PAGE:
Adrien’s Many Trails

I’m probably not through with last week’s subject: dictionaries, old and not so new. Maybe I should get hold of a really new one for comparison. The thought had been rolling around in my head, but with no real direction, so I wasn’t going to write this week, until the staff here at the T-I gave me a little shove.

First, glancing down at last week’s paper, and I see AJ Rogers’ comments out of his Book Cliffs series. It reminded me of an old friend of Sam’s and mine, Gordon Harmston. They had served in the Utah Legislature together, and he later became the director of the Department of Natural Resources.

I recall him saying, almost majestically, that as long as he was in charge nobody was going to “run willy-nilly over the Bookies.” He and his wife, Cam, were Uinta Basin born and bred, as was I. We had a bond of sorts, but I lost track of them years ago. Likely they’ve gone on to what we used to call their “just rewards.”

That same glance down brought to mind Thompson, or Thompson’s Springs, or leave off the possessive on Thompson. I have a fondness for that little burg. AJ’s parents, Les and Margie Rogers, were friends of ours, which made the four Rogers kids friends also.

Husband Sam had a story about Les that always made me laugh. He recounted Rotary Club Jeep safaris, during which the two of them got into long conversations/debates. Sam said they would get settled into their sleeping bags and continue whatever talk they’d been having around the campfire.

Sam said, “I would drift off to sleep and what woke me up in a little while was Les, still talking.” I assume AJ’s wife fares better.

Bringing this back into the present.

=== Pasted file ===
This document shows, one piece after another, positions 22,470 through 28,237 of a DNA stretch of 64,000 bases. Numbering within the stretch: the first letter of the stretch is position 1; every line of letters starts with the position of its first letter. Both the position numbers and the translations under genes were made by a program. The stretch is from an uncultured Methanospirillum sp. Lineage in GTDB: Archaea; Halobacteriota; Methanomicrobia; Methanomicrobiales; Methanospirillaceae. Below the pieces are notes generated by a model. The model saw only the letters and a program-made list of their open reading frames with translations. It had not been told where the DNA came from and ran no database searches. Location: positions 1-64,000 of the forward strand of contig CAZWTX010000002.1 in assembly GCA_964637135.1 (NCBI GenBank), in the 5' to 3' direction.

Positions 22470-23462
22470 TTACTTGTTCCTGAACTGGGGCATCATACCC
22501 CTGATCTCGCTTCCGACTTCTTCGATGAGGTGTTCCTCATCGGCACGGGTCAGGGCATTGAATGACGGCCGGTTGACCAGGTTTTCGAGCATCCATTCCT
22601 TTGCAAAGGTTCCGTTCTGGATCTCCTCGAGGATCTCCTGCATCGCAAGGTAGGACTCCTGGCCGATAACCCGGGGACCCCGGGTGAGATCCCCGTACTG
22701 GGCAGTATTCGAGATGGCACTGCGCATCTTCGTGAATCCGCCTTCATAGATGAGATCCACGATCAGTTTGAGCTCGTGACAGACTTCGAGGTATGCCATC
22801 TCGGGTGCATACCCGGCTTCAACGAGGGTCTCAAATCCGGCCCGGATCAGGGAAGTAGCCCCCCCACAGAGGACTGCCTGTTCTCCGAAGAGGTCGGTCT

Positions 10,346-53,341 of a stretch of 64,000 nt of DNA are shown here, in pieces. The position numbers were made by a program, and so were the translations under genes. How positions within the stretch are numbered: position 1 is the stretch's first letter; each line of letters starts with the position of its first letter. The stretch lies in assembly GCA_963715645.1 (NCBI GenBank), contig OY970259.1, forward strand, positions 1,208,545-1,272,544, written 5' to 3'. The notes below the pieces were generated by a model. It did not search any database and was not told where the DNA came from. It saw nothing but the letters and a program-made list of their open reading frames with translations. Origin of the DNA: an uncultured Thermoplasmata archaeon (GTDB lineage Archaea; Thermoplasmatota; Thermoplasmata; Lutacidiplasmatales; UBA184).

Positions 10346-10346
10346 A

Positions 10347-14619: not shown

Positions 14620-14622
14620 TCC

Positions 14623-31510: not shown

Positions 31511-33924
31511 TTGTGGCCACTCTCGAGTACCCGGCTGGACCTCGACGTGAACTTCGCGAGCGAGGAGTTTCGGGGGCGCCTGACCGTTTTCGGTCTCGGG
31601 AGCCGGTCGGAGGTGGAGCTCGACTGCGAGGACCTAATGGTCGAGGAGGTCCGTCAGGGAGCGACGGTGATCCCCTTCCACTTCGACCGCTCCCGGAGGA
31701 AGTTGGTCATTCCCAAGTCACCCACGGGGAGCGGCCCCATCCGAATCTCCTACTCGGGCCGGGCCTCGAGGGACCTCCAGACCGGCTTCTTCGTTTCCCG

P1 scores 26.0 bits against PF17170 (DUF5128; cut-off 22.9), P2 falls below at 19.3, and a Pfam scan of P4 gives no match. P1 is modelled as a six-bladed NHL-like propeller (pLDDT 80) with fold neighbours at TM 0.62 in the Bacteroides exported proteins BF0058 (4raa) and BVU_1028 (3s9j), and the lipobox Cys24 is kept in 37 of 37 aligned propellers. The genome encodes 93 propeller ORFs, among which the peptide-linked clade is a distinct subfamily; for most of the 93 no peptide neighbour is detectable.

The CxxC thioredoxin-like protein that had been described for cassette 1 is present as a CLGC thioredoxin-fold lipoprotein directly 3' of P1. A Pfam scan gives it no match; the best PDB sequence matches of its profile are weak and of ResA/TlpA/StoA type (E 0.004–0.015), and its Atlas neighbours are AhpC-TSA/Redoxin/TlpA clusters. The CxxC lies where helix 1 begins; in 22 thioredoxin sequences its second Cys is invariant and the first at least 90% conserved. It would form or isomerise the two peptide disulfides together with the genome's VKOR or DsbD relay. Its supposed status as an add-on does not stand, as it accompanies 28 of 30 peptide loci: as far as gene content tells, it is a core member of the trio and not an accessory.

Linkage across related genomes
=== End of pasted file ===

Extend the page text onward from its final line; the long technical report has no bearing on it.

The backdoor opened a few days ago, and in came Sena, always a welcome visitor. In tow were Colleen Wimmer and her 12-year old son Kian from Sebastopol, California. Then the door opened again in a bit and in came Lynne Wimmer. They had been attending a family reunion over the Memorial Day week. Lynne had left her husband back in northern California during this Moab jaunt, and explained that her three boys were living in Portland. We had a dandy talk fest and reminisced about a lot of things.

Lynne and Colleen are two of the four daughters of Pat and Geri Wimmer, who owned the Crescent Junction filling station, and other land in the area. Geri and I belonged to the same sorority here in town, Beta Sigma Phi, which became demised many years ago.

Geri and Pat’s other two daughters are Charla, who now lives in Montana, and Moab resident Page, who married Stan Holland.

Sena and Colleen became fast friends at school. They met on their first day of kindergarten at the old HMK school, and were nearly inseparable until middle school. Sena would frequently ride the school bus home with Colleen on a Friday after school (driven by Tony Pini from Thompson) and she would not return to our house until Monday after school. The girls would ride the Wimmer horses for miles out on that open country. One of them commented that she’d ridden more miles bareback than with a saddle.


Back for a moment to the sorority. One year four of the girls (women) were pregnant at the same time: Geri and me, plus JoAnn Knowles and Betty Bowen.

Several of our daughters became members of Job’s Daughters, and I was guardian for several years. Both the Bethel and our chapter of Order of the Eastern Star have disbanded, which is true for many service and fraternal organizations. It’s not just Moab. It’s a sign of the times nationally.

Maybe I’ll get back to the dictionaries next week. As a journalist I have a love for words.